Pembroke Center

Claire Grandy

Visiting Assistant Professor of Gender Studies


Claire Grandy is a 2021-22 Dean’s Faculty Fellow and Visiting Assistant Professor of Gender and Sexuality Studies.

Dr. Grandy earned her PhD in English from Brown, along with a Graduate Certificate in Gender and Sexuality Studies, in 2021. Her research focuses on 20th century and contemporary North American literature and visual culture, with an emphasis on poetic forms and archival praxes. She recently defended her dissertation, "Photo-Poetics: Documentary Forms from William Wordsworth to Robin Coste Lewis," which charts the history of documentary poetry back to British romanticism, alongside the rise of photographic forms of perception. Informed by critical race studies and feminist theory, this project studies how poets expropriate language from public documents to theorize how technologies of recording and reproduction work to typify people. Her writing has appeared in Contemporary Literature, European Romantic Review, and Criticism. She also served as an editorial proctor for differences: A Journal of Feminist Cultural Studies.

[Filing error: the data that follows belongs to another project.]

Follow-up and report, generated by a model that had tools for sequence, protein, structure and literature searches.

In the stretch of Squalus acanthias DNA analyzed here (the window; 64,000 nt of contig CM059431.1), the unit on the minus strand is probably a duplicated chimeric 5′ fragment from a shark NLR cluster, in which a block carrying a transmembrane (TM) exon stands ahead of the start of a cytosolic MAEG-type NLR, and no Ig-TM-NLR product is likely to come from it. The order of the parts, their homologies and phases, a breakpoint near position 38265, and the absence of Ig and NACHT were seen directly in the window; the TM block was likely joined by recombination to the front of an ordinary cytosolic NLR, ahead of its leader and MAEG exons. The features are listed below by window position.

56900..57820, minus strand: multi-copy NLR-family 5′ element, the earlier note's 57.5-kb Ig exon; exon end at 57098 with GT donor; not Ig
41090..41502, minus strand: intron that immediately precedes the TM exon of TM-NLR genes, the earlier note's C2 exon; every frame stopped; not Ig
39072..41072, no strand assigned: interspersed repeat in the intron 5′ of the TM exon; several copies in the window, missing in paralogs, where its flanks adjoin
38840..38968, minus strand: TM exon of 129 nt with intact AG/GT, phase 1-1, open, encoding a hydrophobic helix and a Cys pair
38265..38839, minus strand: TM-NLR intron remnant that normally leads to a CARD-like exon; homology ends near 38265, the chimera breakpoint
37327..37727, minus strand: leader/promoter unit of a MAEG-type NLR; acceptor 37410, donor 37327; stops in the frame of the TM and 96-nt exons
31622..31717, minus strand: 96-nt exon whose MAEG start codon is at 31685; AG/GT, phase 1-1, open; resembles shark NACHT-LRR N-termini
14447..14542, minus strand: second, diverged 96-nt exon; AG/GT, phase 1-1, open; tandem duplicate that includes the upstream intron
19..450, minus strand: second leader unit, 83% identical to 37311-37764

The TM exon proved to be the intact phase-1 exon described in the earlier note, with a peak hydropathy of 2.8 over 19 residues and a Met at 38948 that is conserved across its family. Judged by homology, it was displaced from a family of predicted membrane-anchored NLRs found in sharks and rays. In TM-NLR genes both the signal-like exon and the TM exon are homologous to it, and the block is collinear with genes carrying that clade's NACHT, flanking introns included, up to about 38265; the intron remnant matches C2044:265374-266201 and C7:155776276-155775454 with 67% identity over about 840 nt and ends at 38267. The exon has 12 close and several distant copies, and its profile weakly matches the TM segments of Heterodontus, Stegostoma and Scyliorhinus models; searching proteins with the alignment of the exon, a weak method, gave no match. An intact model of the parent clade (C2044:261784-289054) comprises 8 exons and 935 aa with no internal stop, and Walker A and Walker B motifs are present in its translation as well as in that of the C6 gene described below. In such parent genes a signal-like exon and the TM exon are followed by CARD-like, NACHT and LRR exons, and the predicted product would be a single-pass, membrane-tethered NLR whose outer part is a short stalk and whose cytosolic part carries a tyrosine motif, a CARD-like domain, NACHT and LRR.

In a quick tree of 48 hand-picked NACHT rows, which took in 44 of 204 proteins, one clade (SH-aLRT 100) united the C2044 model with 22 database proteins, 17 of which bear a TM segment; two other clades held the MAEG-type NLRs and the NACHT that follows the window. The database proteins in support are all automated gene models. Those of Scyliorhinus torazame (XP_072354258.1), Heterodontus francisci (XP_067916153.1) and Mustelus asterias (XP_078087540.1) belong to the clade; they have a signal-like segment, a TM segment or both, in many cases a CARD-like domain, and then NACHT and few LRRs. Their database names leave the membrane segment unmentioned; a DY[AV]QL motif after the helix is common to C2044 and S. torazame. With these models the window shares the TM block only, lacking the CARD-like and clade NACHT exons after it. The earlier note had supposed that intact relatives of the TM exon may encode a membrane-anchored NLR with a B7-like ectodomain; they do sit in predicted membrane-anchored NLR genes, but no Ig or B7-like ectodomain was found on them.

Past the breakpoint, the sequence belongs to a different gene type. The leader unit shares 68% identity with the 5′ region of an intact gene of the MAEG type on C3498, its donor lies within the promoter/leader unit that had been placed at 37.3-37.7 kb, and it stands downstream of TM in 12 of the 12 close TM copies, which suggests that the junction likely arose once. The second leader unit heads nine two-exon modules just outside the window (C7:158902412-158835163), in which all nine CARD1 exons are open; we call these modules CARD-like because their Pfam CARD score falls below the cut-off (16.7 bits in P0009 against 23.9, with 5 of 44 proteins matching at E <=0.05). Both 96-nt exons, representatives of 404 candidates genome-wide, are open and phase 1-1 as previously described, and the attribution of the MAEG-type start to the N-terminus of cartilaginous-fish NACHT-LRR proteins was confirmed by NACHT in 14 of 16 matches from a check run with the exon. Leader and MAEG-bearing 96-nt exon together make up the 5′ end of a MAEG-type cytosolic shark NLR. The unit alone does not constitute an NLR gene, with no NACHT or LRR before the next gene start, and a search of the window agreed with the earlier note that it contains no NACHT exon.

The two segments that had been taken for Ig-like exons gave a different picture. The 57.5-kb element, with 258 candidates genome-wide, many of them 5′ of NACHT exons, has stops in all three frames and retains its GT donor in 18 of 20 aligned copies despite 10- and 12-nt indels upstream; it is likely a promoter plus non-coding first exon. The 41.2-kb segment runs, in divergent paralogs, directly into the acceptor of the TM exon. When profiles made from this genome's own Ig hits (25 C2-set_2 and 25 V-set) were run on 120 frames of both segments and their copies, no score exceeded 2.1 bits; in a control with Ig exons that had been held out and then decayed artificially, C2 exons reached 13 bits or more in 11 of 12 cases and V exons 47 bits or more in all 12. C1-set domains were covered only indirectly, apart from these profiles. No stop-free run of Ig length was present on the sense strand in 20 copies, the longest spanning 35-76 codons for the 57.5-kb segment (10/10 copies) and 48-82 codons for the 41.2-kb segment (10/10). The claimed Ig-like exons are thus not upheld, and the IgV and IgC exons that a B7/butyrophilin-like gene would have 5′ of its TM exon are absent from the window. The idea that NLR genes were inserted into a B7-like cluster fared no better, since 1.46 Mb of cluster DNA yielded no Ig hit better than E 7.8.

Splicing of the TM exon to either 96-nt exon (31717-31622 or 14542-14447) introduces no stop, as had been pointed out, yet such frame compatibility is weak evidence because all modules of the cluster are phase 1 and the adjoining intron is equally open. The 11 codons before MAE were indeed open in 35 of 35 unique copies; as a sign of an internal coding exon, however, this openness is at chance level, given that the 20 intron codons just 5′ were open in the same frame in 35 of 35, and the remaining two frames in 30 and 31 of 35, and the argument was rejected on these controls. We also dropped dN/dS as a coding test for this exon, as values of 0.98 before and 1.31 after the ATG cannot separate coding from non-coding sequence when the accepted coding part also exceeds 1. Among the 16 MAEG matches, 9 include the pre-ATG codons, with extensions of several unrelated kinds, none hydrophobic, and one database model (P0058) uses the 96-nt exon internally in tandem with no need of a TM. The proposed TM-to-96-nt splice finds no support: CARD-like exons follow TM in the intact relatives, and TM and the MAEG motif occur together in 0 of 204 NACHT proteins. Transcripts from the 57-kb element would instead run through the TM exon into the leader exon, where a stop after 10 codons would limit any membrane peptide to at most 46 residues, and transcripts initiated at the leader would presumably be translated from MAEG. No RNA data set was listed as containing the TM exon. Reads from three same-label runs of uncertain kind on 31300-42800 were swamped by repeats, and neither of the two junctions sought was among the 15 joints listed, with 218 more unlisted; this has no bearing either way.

In the fall of 2021, Dr. Grandy taught the GNSS course "Documenting the Feminized Body: Literature, Photography, Science."

In the spring of 2022, Dr. Grandy is teaching the GNSS course "Recording the Self: Gender Between Word and Image." This seminar examines aesthetic approaches to self-writing and self-recording in literature, photography, film, comics, and online media. Students will theorize how these genres of self-documentation have become gendered, as well as how race, gender, and sexuality shape identity formation and self-observation. Rather than presume a coherent identity or “inner self” that is expressed through these works, we will consider how the self multiplies, blurs, fragments, or becomes divided through the meta-biographical process of self-recording. Exploring the various ways that text and image refract and relay in unexpected directions, the course will investigate self-referentiality as an ongoing temporal problematic, rather than a simple reflection.